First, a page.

Interestingly but not surprisingly, Lehi, or as it was known among Palestinians as Jamaat Stern (the Stern Assembly) was viewed with great admiration among many Palestinians, who saw the British presence as a natural enemy.
Lehi fighters not only managed to escape from the Laturn prison (an operation Yellin Moor participated in) but also later on went on to carry out very successful attacks against the British, which ranged from ambushes to bombs, and culminated in the execution of the British minister of state, Lord Moyne, in Cairo in November 1944.
From the start, Yellin Moor explained that Lehi fighters never sought to target civilians in purpose as a deliberate action, but when they were around a British target, the operation had to be carried out anyway, since there is no other way liberation can be won.
But in the assassination of Lord Moyne, Lehi went one step further. First, it killed a representative of the British empire outside of Palestine, therefore marking the anti-imperialist struggle. Second, it did its out most to ensure that no Egyptians will be killed in the operation or during subsequent cross-fire since it saw the Egyptians as fellow victims of British imperialism and was hoping the executioners will be tried in Egyptian courts. Indeed, the two assassins were caught precisely since they did not fire back at a Egyptian policeman. Thirdly, it opted for an assassination of an high-ranking British official, therefore expressing their lack of fear in turning the British Mandate into a personal issue.
Many Egyptians were ecstatic in their support of Lehi. The two assassins, Eliyahu Hakim and Eliyahu Bet-Zuri were hanged by the British in Cairo after they proudly stood by their action until the last moment and as their dignity drew international support. Indeed, further down the road, Lehi’s letter of request for partnership and solidarity with the Arab nations against the British, was published in full by a leading Egyptian newspaper.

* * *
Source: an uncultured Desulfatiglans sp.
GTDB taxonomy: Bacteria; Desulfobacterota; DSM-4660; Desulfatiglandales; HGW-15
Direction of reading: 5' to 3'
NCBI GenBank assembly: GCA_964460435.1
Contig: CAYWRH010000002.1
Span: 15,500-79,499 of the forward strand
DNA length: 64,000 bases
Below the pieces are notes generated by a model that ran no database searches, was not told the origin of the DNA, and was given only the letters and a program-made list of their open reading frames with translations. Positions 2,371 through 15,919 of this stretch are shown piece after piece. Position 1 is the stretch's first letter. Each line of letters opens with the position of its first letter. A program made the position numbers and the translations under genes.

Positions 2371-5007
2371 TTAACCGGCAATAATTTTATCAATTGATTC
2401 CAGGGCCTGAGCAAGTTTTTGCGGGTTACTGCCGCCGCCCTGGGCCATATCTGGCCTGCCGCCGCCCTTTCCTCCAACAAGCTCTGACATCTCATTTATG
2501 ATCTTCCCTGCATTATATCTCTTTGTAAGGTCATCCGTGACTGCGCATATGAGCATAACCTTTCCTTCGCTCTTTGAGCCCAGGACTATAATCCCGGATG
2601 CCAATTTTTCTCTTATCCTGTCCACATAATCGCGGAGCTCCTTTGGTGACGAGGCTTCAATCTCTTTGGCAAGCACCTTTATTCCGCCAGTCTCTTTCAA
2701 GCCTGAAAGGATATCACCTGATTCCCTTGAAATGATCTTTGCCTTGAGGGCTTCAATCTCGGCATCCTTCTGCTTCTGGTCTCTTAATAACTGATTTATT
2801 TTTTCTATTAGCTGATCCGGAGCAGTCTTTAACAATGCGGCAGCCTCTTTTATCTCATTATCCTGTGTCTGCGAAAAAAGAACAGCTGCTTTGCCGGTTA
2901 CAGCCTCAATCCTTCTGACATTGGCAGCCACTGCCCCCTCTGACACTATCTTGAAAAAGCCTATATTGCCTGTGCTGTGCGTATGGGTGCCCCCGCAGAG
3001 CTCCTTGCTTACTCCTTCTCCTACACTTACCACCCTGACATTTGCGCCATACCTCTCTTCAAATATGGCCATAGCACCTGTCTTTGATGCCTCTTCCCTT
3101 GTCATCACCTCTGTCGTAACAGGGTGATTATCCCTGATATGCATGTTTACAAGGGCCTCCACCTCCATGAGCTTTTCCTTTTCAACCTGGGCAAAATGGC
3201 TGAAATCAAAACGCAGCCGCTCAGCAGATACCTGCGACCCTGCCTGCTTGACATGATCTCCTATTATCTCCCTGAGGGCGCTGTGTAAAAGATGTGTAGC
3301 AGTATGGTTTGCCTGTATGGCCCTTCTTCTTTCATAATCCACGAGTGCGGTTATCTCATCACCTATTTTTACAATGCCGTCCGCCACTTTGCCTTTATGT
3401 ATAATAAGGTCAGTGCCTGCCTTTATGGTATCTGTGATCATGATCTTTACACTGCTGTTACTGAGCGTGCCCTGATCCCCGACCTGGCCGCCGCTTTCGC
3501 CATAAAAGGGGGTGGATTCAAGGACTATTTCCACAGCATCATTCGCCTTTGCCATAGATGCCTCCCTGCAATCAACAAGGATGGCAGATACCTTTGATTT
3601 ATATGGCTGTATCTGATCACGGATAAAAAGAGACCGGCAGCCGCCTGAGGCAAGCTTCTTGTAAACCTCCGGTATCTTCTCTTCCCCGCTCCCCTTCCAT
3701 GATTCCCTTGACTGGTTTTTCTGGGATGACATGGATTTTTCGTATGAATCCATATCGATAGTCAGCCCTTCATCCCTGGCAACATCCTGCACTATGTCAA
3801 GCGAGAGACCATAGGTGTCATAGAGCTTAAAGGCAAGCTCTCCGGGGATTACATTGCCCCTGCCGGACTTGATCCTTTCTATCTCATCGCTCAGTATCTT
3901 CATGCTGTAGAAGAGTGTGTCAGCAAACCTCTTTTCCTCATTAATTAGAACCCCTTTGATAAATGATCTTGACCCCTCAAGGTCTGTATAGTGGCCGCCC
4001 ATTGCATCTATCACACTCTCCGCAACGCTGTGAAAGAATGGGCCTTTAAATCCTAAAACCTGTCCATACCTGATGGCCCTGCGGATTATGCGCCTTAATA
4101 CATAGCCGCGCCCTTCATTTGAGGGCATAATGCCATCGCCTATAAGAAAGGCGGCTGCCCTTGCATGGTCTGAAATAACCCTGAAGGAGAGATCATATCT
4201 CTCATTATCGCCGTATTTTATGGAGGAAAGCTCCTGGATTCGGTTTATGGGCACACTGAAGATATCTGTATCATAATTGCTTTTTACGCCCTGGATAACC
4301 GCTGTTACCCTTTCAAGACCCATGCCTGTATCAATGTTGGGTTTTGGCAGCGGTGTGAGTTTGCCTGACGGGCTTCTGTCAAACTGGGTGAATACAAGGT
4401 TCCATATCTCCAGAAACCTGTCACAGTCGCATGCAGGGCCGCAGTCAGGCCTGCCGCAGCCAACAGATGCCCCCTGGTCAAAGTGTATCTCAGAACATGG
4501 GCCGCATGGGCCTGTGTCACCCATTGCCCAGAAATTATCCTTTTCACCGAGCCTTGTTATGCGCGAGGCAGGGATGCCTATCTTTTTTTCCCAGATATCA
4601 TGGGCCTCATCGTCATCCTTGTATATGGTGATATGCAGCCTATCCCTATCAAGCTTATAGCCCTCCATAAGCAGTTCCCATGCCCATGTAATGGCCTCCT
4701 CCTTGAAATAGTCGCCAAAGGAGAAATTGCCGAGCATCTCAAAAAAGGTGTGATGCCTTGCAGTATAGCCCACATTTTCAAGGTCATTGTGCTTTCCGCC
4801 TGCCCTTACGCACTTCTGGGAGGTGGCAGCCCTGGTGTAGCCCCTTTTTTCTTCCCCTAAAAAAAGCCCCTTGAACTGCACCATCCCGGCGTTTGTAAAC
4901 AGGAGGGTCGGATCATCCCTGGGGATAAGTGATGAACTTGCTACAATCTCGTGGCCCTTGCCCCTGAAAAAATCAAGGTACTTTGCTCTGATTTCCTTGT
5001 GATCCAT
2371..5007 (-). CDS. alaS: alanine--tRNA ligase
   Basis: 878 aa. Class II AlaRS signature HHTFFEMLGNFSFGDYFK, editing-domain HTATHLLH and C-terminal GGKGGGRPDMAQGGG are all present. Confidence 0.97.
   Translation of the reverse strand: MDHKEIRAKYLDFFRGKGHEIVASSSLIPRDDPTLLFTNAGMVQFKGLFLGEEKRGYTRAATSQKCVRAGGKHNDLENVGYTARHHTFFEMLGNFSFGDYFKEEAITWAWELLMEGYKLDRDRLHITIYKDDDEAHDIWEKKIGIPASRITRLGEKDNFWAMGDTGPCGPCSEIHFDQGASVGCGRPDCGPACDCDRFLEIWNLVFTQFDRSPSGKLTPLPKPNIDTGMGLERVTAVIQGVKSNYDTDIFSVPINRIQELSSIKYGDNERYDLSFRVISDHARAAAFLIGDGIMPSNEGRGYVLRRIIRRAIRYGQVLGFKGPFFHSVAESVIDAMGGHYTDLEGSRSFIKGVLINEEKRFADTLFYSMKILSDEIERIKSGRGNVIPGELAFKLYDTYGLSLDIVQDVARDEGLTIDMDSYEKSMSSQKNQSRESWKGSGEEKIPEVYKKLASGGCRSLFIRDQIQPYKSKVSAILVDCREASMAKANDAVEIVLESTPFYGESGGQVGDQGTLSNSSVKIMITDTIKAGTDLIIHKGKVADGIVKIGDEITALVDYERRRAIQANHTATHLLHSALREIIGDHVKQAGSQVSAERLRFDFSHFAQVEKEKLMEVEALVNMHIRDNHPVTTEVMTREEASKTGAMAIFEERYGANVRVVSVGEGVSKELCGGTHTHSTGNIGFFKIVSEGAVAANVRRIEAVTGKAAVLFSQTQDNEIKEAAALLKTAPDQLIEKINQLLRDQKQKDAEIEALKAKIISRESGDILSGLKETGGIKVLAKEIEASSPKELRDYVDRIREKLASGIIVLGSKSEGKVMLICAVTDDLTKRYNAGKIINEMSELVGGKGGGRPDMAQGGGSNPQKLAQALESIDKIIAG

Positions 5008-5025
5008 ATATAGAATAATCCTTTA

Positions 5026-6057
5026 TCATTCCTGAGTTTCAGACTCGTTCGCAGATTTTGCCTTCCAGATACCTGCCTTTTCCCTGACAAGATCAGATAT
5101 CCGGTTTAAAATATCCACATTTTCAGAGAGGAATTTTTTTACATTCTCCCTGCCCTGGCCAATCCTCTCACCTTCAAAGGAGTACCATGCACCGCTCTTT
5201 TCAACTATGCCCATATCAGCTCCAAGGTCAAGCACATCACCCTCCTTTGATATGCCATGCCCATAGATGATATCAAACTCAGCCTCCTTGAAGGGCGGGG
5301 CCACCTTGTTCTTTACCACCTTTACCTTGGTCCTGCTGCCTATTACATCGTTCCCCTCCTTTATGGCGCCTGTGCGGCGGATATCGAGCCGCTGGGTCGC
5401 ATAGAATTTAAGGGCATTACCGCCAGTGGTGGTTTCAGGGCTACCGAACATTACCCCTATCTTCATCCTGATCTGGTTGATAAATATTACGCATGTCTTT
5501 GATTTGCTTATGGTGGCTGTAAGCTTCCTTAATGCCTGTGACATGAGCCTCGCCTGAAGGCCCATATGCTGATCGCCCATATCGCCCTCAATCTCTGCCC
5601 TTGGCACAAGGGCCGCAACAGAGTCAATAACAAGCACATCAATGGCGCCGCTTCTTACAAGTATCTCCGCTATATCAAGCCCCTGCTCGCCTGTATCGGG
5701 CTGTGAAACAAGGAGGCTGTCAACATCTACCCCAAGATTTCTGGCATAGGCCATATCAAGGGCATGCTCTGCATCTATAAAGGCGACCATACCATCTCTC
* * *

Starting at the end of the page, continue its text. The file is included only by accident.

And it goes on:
To clarify, whereas the leading and largest Zionist groups, saw the Arabs as an enemy and the British as a friendly western force that could be won over to their side by persuasion, Lehi post-Yair saw the Palestinians and Arabs as brothers and the British as unacceptable imperialists.
Indeed, Geula Cohen, a leading Lehi female fighter, managed to escape the Bethlehem prison, only after two Palestinian sympathizers who were also cousins, went on to engage in a bloody fist-fight, thereby distracting the British guards and making it possible for Cohen to escape. The two cousins were tortured later by the British but refused to confess their quarrel was carried out for less than obvious motives.
From the start, Lehi opposed the division of the land into two states, (and indeed the Swedish diplomat, Folke Bernadotte, was assassinated by Lehi in 1948 due to his suggestions that Jerusalem pass to international supervision). While Yellin Mor reveals honestly that he did not have a clear plan of what to do with the Palestinians after the British left, he says he saw them as victims of British imperialism and as fellow indigenous people of the land. Lehi pamphlets published in 1947 and 1948 reached out to Palestinians as brothers and asked them not to engage in a civil war against the Jews (which was, Yellin Mor explains, precisely what the British were hoping for), and saw the future of the two people as a common one. These declarations were signed not only by Yellin Mor, but also by Eldad who moved to the right after Israel was founded. Yellin Mor explains that at the same time, the vision of the mainstream Zionist leadership at the time was to opt for a two state solution and to see the Palestinians as an enemy. He feared for a prolonged non-ending bloodbath that will take place as a result of the division of the land and the anti-Arab mindset of the Zionist leadership (as indeed took place).